Johnston CS, Tjonn SL, Swan PD, White A, Hutchins H, Sears B. Ketogenic low-carbohydrate diets have no metabolic advantage over nonketogenic low-carbohydrate diets. Am J Clin Nutr. 2006 May;83(5):1055-61.
PubMed ID: 16685046
To compare weight loss and the metabolic effects of a ketogenic low-carbohydrate diet (KLC) and of a nonketogenic, low-fat low-carbohydrate diet (NLC).
- Sedentary, overweight men and women
- Age 20 - 60 y
- BMI > 25
- Diagnosed disease
- Use of prescription medications
Recruitment methods not described.
Design: Randomized clinical trial
Blinding used (if applicable): implied with measurements
Intervention (if applicable)
- Ketogenic low-carbohydrate diet (KLC) or low-fat, non-ketogenic low-carbohydrate diet (NLC) for 6 wks.
- The repeated-measures analysis of variance to assess differences in metabolic data.
- To assess change in body mass at week 6, an unpaired Student's t test was performed.
- Power calculations did indicate a 70% power to detect a change of 0.6 mmol/L in LDL cholesterol.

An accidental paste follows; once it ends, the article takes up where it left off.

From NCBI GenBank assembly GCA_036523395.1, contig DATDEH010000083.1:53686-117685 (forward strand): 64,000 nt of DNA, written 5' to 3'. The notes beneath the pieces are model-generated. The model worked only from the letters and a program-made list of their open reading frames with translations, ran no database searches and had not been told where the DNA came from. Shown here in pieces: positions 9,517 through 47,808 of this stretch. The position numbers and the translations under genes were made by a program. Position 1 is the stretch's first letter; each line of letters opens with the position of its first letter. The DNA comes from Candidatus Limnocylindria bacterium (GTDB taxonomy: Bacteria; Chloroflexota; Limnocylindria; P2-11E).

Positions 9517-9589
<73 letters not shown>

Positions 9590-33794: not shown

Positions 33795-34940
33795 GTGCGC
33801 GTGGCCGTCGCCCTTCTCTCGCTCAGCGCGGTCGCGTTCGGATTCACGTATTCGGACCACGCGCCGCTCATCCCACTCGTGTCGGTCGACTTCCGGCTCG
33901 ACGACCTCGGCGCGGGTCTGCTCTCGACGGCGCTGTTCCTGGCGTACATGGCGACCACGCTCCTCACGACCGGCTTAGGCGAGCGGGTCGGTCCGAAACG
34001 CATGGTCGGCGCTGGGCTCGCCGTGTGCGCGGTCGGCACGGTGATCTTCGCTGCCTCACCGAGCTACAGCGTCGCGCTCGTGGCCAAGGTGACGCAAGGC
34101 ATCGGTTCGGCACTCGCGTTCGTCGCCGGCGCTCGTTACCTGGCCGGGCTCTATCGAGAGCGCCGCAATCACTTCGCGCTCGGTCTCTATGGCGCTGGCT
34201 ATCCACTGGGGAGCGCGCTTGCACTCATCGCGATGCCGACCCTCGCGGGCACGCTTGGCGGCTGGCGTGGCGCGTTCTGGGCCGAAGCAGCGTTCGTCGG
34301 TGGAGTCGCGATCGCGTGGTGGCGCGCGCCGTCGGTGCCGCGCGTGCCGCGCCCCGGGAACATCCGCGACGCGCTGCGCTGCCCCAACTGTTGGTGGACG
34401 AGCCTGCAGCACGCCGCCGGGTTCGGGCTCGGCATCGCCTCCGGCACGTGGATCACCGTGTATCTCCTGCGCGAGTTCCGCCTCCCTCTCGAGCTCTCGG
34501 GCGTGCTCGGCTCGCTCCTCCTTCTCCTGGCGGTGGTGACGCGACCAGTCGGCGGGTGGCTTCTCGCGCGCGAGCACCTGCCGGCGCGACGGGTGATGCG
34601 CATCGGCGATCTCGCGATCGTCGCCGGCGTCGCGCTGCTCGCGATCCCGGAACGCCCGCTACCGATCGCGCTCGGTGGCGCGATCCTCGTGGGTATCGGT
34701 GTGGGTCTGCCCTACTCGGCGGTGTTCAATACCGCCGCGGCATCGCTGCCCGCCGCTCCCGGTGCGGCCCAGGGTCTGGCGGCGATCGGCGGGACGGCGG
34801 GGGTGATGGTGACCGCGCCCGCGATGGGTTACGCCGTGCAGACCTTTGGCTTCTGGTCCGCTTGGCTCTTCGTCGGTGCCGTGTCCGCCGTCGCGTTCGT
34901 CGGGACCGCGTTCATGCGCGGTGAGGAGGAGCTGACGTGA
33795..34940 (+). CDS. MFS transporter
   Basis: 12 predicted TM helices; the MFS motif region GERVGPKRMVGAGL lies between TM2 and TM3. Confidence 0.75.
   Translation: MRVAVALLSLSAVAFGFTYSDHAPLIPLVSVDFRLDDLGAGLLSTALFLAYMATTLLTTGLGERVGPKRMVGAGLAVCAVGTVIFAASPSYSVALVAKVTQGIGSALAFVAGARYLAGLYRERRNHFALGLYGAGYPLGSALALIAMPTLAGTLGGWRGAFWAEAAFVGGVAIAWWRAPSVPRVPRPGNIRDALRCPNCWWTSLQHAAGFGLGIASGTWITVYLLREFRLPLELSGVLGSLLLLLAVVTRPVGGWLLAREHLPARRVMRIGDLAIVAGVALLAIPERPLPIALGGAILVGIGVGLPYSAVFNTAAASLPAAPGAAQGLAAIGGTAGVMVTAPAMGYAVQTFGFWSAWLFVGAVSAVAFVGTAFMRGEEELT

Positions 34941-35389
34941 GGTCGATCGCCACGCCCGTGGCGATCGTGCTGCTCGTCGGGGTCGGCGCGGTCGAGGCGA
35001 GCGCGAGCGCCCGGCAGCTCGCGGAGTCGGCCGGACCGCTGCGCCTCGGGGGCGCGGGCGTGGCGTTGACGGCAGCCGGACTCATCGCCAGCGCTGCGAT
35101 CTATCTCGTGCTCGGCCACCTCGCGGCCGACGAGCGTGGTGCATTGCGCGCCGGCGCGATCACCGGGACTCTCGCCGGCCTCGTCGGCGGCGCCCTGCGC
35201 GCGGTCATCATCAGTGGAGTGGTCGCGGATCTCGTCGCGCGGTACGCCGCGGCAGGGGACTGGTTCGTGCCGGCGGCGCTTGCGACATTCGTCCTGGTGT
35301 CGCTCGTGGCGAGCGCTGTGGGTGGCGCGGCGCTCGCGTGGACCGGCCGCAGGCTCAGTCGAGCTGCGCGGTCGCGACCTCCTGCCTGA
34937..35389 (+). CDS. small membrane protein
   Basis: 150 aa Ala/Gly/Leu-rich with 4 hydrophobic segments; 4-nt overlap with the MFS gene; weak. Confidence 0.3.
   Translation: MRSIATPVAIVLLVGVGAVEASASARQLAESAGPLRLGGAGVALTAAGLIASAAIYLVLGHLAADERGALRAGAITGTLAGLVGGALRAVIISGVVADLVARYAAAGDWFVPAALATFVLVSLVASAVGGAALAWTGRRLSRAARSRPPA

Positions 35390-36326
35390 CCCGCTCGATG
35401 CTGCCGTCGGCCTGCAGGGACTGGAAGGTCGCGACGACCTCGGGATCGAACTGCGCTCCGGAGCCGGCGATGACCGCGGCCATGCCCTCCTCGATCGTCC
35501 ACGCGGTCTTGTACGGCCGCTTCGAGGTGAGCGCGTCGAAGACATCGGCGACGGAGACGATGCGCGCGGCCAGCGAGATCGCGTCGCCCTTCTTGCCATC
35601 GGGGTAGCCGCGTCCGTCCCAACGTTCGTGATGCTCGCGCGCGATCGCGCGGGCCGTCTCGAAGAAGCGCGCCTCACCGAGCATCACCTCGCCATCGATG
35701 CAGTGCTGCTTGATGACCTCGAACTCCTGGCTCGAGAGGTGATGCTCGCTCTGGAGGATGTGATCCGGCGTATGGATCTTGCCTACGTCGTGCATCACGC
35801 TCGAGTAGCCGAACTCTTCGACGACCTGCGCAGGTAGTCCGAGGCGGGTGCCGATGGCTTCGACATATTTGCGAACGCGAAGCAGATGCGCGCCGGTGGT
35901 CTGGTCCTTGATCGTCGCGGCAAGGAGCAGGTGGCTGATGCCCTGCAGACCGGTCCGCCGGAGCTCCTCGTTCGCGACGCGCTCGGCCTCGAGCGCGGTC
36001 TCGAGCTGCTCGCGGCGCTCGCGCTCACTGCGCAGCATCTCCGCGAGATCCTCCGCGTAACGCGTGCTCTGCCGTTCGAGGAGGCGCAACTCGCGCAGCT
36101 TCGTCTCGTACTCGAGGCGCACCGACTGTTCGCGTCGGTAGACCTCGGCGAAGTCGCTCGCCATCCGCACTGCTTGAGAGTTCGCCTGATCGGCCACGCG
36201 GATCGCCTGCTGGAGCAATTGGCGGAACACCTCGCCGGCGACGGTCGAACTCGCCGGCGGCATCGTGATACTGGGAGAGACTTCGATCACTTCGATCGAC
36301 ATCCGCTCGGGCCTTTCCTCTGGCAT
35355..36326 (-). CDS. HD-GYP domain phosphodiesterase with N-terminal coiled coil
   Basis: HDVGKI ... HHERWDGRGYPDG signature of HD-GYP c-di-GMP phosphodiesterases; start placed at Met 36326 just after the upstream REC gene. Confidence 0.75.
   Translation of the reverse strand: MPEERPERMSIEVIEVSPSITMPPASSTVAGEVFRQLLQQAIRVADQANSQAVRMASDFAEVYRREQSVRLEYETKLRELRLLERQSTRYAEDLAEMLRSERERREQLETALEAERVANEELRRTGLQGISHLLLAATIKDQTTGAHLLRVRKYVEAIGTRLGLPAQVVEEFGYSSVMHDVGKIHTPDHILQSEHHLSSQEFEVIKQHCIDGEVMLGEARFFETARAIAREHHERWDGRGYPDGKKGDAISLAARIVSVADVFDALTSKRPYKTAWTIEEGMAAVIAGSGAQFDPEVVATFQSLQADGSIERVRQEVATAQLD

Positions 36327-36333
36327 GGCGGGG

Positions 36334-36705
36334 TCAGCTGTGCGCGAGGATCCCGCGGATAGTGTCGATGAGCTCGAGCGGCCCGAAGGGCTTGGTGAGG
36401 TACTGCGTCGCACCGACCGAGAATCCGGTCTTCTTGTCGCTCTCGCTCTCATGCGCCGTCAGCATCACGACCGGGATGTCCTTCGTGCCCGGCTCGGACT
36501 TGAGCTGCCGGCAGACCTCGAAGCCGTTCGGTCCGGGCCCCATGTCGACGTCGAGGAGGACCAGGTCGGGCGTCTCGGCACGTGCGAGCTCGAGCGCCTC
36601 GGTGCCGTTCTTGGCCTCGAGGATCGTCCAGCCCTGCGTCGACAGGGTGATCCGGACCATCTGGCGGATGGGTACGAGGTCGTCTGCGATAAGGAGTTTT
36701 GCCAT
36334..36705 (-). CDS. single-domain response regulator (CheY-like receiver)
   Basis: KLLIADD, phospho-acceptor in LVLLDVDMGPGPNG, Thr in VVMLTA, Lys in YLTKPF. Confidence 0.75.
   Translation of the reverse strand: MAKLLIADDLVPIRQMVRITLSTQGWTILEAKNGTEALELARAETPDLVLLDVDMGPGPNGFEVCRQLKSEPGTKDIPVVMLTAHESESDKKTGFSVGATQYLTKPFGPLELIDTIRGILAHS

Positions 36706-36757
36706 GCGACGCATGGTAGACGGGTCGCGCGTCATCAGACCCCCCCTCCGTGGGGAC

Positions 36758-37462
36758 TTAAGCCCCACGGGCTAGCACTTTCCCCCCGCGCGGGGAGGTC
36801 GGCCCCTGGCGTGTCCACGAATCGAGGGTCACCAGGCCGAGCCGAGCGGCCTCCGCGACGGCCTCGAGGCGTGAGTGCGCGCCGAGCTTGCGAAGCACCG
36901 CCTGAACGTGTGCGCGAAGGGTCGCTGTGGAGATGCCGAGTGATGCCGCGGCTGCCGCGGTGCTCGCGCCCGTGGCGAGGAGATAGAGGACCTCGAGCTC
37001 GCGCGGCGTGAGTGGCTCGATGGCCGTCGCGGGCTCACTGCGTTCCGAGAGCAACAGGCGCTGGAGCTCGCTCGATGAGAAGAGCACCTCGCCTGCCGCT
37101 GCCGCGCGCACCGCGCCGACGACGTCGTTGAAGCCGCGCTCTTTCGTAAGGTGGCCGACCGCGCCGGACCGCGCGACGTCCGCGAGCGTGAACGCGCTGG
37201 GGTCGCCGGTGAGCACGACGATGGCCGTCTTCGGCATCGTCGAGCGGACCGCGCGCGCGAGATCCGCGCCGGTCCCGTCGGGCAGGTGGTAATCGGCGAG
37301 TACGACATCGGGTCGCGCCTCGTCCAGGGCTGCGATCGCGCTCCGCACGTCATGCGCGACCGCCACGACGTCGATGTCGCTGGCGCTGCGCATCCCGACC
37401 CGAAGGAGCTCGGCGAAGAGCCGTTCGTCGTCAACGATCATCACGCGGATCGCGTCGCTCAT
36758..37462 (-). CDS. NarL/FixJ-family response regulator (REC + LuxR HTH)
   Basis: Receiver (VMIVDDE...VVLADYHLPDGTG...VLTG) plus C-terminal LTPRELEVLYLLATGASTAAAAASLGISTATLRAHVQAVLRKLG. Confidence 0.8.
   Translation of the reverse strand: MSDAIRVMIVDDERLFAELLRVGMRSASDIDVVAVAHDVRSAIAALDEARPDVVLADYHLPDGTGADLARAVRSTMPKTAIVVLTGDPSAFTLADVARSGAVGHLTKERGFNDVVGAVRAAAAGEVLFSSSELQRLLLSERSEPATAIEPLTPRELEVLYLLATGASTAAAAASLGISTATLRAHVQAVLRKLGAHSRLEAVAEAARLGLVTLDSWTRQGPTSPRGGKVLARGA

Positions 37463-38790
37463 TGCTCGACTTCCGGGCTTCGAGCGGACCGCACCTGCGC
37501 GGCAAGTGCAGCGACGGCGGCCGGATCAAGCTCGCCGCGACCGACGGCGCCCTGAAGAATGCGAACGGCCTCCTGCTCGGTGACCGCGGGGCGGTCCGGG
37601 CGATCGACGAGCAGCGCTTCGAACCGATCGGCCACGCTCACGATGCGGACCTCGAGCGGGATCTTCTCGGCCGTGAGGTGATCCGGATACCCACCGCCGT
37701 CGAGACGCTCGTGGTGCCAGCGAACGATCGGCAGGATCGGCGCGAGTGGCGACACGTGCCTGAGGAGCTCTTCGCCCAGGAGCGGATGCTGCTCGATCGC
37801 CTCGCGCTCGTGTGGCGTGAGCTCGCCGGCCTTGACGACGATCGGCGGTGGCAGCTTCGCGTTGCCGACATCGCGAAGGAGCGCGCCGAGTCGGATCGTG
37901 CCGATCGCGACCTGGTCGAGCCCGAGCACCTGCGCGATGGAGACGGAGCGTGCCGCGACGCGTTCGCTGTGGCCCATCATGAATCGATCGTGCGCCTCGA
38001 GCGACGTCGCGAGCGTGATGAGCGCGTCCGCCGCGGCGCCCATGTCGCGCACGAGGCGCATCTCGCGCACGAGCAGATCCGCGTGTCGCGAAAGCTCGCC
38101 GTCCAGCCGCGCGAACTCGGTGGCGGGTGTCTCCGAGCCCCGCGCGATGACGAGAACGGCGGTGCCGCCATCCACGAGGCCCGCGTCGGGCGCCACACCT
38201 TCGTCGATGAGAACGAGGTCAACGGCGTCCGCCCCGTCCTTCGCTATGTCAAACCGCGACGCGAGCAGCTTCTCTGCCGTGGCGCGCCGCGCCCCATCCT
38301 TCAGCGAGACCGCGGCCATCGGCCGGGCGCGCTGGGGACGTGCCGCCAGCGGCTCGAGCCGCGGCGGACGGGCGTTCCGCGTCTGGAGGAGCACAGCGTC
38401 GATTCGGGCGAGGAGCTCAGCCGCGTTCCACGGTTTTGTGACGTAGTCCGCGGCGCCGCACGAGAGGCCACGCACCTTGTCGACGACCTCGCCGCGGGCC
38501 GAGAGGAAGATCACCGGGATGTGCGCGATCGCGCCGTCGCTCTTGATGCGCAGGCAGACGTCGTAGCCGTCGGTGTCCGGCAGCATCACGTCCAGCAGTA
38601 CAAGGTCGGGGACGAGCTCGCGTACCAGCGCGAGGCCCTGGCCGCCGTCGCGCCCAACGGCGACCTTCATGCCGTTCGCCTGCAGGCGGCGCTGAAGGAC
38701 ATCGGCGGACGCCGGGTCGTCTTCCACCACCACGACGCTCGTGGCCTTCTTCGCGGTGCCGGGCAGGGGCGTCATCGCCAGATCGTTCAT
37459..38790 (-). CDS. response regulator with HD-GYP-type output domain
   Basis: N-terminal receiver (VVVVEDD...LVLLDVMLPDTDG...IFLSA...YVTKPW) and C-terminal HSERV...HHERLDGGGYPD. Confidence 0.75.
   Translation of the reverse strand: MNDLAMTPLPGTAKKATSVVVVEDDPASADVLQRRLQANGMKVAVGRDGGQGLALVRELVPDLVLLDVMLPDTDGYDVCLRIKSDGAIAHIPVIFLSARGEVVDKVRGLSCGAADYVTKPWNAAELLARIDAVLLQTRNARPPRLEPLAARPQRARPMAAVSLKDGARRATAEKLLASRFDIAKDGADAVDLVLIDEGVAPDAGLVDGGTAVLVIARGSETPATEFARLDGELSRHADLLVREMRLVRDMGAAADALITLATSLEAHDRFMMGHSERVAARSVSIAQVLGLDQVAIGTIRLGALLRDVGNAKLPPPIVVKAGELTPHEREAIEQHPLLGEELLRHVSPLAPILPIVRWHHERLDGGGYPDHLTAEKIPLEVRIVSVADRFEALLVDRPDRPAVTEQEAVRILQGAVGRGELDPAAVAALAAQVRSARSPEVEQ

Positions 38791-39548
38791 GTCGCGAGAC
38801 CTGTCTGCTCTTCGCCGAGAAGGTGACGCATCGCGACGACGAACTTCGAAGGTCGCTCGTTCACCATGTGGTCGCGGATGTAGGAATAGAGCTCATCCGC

- Pearson's correlation was used to identify relations between variables.
- Significance at P ≤ 0.05.
Timing of Measurements
- Body weight, fat mass, hunger assessment, and Profile of Mood States (POMS): day 1 of each week
- Body weight and fat mass again at week 10 after the 4-wk self-monitored diet adherence.
- 24-h urine sample, fasting bloods, and resting energy expenditure (REE): baseline and weeks 2 and 6
- REE (MAX-2 metabolic cart after 12-h fast and 24-h avoidance of light-to-heavy activity)
- Glucose; creatinine; total, HDL and LDL cholesterol and triacylglycerols (standard lab)
- Plasma insulin (radioimmunoassay)
- Insulin sensitivity (homeostasis model assessment [HOMA] index)
- Urinary creatinine (colorimetric procedures)
- Plasma uric acid, C-reactive protein, liver enzymes and urinary calcium (standard lab)
- Blood β-hydroxybutyrate (enzymatically)
- Fatty acid composition (gas chromatography)
- Body weight and Fat mass (Tanita Body Composition Analyzer TBF-300A)
- Hunger ratings (7-point Likert scale:extremely hungry to extremely full)
- Mood state (POMS questionnaire)
- Diets were provided to participants for 6 wks at the test site Monday through Friday and packaged to take home for the weekends. After the 6-wk trial, a registered dietitian counseled the participants on the diet details and provided meal plans and recipes for the remaining 4 weeks of the study.